The network has brought together some of the richest people on the planet. Their core beliefs that taxes are a form of tyranny; that government oversight of business is an assault on freedom are sincerely held. But these beliefs also advance their personal and corporate interests: Many of their companies have run afoul of federal pollution, worker safety, securities, and tax laws.
The chief figures in the network are Charles and David Koch, whose father made his fortune in part by building oil refineries in Stalin s Russia and Hitler s Germany. The patriarch later was a founding member of the John Birch Society, whose politics were so radical it believed Dwight Eisenhower was a communist. The brothers were schooled in a political philosophy that asserted the only role of government is to provide security and to enforce property rights.
When libertarian ideas proved decidedly unpopular with voters, the Koch brothers and their allies chose another path. If they pooled their vast resources, they could fund an interlocking array of organizations that could work in tandem to influence and ultimately control academic institutions, think tanks, the courts, statehouses, Congress, and, they hoped, the presidency. Richard Mellon Scaife, the mercurial heir to banking and oil fortunes, had the brilliant insight that most of their political activities could be written off as tax-deductible philanthropy.
These organizations were given innocuous names such as Americans for Prosperity. Funding sources were hidden whenever possible. This process reached its apotheosis with the allegedly populist Tea Party movement, abetted mightily by the “Citizens United” decision a case conceived of by legal advocates funded by the network.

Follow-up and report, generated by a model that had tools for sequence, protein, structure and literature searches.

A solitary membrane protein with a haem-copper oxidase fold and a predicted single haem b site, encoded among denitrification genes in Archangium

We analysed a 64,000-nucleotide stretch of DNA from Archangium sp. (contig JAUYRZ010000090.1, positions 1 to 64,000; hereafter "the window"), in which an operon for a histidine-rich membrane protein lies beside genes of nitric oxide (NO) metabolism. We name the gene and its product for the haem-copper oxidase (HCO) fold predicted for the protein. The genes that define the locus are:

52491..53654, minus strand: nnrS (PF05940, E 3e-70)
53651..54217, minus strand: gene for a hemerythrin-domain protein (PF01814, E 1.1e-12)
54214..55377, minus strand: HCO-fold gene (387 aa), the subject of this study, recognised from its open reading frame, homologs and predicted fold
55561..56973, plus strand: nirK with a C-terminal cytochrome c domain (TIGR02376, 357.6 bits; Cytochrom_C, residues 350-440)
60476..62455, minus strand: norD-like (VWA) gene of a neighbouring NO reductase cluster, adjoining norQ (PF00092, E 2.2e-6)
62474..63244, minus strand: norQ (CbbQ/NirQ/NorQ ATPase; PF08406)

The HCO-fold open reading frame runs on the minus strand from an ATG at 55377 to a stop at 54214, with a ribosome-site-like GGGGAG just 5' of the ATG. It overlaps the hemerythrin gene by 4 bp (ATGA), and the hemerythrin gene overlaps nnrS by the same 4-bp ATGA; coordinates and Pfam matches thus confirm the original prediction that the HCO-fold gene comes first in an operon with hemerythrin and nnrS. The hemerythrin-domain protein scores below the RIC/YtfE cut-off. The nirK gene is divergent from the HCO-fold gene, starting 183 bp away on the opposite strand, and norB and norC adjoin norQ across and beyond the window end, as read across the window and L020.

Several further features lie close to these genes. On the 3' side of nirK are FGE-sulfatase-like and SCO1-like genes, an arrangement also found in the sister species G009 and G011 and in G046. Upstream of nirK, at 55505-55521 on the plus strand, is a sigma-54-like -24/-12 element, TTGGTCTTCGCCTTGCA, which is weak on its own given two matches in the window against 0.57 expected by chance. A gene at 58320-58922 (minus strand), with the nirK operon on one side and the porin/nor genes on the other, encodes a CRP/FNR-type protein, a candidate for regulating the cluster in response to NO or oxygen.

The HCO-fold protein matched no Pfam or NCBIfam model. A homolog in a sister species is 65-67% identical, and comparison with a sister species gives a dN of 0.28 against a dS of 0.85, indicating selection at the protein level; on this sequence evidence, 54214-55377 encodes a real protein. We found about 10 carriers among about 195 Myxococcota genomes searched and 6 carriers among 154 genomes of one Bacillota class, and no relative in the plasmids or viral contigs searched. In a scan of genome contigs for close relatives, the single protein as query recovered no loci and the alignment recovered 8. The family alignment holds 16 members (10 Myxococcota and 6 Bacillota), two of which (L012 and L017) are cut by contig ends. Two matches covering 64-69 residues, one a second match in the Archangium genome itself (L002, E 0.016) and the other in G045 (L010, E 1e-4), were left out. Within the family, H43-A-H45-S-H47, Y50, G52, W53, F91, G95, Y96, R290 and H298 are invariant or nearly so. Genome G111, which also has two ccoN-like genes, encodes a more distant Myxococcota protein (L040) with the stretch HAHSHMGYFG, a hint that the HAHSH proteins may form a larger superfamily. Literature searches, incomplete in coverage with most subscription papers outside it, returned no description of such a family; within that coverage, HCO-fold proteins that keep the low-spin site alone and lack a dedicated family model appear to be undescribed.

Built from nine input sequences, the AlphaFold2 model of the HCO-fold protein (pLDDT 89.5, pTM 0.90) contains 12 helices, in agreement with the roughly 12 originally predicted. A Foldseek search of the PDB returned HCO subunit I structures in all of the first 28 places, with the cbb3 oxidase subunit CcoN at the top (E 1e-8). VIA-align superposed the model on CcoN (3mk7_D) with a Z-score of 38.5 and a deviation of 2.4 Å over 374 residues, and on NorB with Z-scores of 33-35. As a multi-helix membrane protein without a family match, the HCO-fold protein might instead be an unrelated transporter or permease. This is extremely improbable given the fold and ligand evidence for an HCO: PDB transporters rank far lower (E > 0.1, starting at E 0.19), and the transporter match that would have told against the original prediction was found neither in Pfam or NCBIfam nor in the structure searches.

The political operatives the network employs are disciplined, smart, and at times ruthless. Mayer documents instances in which people affiliated with these groups hired private detectives to impugn whistle-blowers, journalists, and even government investigators. And their efforts have been remarkably successful. Libertarian views on taxes and regulation, once far outside the mainstream and still rejected by most Americans, are ascendant in the majority of state governments, the Supreme Court, and Congress. Meaningful environmental, labor, finance, and tax reforms have been stymied.
Jane Mayer spent five years conducting hundreds of interviews-including with several sources within the network-and scoured public records, private papers, and court proceedings in reporting this book. In a taut and utterly convincing narrative, she traces the byzantine trail of the billions of dollars spent by the network and provides vivid portraits of the colorful figures behind the new American oligarchy.
“Dark Money” is a book that must be read by anyone who cares about the future of American democracy.”
Nachhaltige Entwicklung ist zweifellos eine gute Idee. In den 1990er Jahren entwickelte sich das Konzept zum allgemeinen Leitbild in der Umweltpolitik. In welcher Weise mit (guten) Ideen aber auch Politik gemacht wird, ist das Thema dieser Untersuchung.
Trusted by over 300,000 students in over 120 countries, The Globalization of World Politics is the most authoritative and complete introduction to IR available, making it the go-to text for students of international relations.
Now in its sixth edition, this internationally successful textbook has been fully revised and updated in light of recent developments in world politics, featuring 35 new international case studies including: the BRICs, Gaza Freedom Flotilla, Sudanese civil war, drones, Fukushima Daiichi nuclear disaster, rise of China, Occupy movement, and Syrian Revolution.
Based on fieldwork among undocumented immigrants and asylum seekers Illegal Traveller offers a narrative of the polysemic nature of borders, border politics, and rituals and performances of border-crossing. Interjecting personal experiences into ethnographic writing it is ‘a form of self-narrative that places the self within a social context’.